About the Chalk Aquifer Alliance

Chalk streams can be found across the East and South East of England, from Dorset, to Wiltshire and Hampshire in the south, through the Chilterns and into Lincolnshire and Yorkshire in the north.

We have 85% of the world’s chalk streams in England. These unique freshwater ecosystems are at risk from pollution and over-abstraction that are causing significant damage to this precious
habitat.

Many of the chalk streams in Hertfordshire, Cambridgeshire, Suffolk, and south-east England do not even have enough water flow to function properly. Over-abstraction from the groundwater is the main reason. Too much water is pumped out of the chalk for our domestic supplies and in some areas for agriculture to the detriment of the health of the rivers.

Numerous river groups are collaborating to bring about a change as they feel that the Chalk aquifer systems are being over exploited in favour of public water supply.

We support

The restoration and protection of water quality and flows in our chalk streams and the reduction of abstraction to sustainable levels

What we will do

  • Raise awareness of the plight of all chalk streams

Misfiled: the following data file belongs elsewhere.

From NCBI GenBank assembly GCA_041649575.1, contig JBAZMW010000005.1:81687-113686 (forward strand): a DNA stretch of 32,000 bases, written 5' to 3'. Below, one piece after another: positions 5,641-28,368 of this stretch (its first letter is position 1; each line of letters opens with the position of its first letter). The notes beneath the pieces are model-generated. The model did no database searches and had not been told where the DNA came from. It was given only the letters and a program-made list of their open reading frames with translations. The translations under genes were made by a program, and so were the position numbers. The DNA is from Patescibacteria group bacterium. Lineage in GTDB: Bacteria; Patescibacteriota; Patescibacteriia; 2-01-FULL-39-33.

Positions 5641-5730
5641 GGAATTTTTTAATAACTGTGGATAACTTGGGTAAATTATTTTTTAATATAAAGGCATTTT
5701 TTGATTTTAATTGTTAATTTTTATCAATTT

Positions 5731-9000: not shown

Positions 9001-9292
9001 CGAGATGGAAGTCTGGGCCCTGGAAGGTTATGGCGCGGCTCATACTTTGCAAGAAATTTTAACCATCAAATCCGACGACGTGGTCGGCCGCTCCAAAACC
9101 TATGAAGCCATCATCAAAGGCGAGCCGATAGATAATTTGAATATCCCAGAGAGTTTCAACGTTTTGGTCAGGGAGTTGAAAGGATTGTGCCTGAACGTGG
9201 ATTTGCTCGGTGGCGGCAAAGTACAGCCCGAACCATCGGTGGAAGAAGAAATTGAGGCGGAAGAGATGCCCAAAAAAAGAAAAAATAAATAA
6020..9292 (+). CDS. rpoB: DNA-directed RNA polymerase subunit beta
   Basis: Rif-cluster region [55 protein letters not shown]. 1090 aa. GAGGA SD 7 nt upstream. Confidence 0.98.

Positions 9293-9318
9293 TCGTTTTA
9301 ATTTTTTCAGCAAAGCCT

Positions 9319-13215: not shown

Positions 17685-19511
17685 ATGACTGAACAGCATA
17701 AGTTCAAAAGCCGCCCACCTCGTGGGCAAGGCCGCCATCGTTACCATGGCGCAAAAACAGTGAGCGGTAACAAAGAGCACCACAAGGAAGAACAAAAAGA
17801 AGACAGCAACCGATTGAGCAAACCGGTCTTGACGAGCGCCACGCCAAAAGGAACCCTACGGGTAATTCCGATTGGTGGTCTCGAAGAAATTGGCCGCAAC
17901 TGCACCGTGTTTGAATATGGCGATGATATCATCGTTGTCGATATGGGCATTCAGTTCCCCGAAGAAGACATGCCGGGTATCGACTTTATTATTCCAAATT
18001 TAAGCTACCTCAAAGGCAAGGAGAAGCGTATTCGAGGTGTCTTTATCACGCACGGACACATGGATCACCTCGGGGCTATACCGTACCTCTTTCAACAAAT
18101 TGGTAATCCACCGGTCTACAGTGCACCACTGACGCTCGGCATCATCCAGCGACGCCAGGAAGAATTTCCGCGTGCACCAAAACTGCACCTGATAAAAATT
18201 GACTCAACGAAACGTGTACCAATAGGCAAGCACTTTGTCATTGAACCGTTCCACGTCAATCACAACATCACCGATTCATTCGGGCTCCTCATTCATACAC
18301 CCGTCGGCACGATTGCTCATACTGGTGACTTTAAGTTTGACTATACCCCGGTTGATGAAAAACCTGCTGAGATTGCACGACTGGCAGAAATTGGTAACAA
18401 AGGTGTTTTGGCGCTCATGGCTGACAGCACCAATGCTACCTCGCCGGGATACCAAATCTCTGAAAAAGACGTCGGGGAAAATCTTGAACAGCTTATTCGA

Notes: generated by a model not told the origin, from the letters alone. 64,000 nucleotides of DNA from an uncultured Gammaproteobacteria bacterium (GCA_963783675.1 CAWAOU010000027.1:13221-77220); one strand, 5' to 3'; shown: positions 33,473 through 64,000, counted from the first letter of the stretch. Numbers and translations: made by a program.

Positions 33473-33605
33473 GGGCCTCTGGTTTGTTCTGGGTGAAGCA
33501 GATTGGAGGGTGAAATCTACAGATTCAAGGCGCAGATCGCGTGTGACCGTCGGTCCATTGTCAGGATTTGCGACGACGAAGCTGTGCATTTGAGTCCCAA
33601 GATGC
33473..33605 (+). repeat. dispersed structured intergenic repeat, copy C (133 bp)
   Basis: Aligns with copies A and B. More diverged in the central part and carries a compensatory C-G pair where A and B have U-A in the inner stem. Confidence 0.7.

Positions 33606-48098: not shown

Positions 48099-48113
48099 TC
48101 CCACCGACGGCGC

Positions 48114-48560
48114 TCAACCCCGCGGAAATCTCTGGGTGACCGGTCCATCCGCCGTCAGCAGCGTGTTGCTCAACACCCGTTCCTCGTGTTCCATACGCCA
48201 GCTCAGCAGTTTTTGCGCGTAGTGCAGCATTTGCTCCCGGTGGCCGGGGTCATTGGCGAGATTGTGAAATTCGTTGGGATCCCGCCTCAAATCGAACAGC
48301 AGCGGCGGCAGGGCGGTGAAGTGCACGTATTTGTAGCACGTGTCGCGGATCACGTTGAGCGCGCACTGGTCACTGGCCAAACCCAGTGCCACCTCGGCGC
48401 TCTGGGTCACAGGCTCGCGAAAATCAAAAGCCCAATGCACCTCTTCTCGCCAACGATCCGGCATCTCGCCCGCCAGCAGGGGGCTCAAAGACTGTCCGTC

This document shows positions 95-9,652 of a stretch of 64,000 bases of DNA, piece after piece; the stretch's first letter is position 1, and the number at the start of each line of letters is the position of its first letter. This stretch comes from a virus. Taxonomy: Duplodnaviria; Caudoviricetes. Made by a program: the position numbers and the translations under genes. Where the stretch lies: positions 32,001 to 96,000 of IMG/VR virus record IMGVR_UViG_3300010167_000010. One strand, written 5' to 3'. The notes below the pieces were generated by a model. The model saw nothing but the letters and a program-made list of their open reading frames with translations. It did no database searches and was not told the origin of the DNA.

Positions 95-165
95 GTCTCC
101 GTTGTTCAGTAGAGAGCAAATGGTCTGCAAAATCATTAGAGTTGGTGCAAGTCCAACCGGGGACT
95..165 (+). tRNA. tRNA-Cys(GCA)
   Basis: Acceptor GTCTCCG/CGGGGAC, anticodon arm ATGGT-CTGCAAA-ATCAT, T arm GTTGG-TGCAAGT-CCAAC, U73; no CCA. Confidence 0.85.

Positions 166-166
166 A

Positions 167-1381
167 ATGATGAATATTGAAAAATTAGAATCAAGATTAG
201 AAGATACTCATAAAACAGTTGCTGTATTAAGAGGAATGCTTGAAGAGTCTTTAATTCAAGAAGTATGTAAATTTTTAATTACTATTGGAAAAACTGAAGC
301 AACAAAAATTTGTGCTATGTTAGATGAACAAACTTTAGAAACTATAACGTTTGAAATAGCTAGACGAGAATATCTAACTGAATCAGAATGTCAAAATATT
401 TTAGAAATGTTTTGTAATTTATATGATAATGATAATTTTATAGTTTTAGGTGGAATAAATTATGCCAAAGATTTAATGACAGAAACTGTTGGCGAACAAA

• Share knowledge and understanding across river groups
  • Campaign to end unsustainable abstraction
  • Work to establish ecological target flows for chalk streams and hands-off flow conditions
  • Fight to end sewage releases into chalk streams
  • Encourage habitat restoration and optimum biodiversity
  • Celebrate the benefits to mental health, happiness and general wellbeing a healthy chalk stream can bring

What we will explore

  • Lobbying for ALL chalk streams to have bespoke statutory designation including enhanced protection
  • Stronger controls on damaging agricultural practices that affect chalk streams
  • Publicising the targets of the Water Framework Directive/Environment Bill and pursuing those tasked to make it happen
  • Preventing road run off and its load of sediment containing hydrocarbons, heavy metals, street litter and microplastics running into chalk streams
  • Raise awareness of insufficiently treated water from sewage works damaging chalk streams especially at times of low flow
  • Planning process changes to ensure that new developments will only be permitted where a sustainable water supply is assured
  • Pressing for more flexibility in supply network to move water from areas of higher rainfall to those with less – towards a national grid of water
  • To have minimum flows applied to all headwaters, specifically spring fed rivers
  • Whether the Chalk aquifer is a single entity and should be managed as such
  • Encouraging Government to get fully behind sustained consumer water saving campaigns
  • Inspiring consumers to embrace water saving for the benefit of the environment
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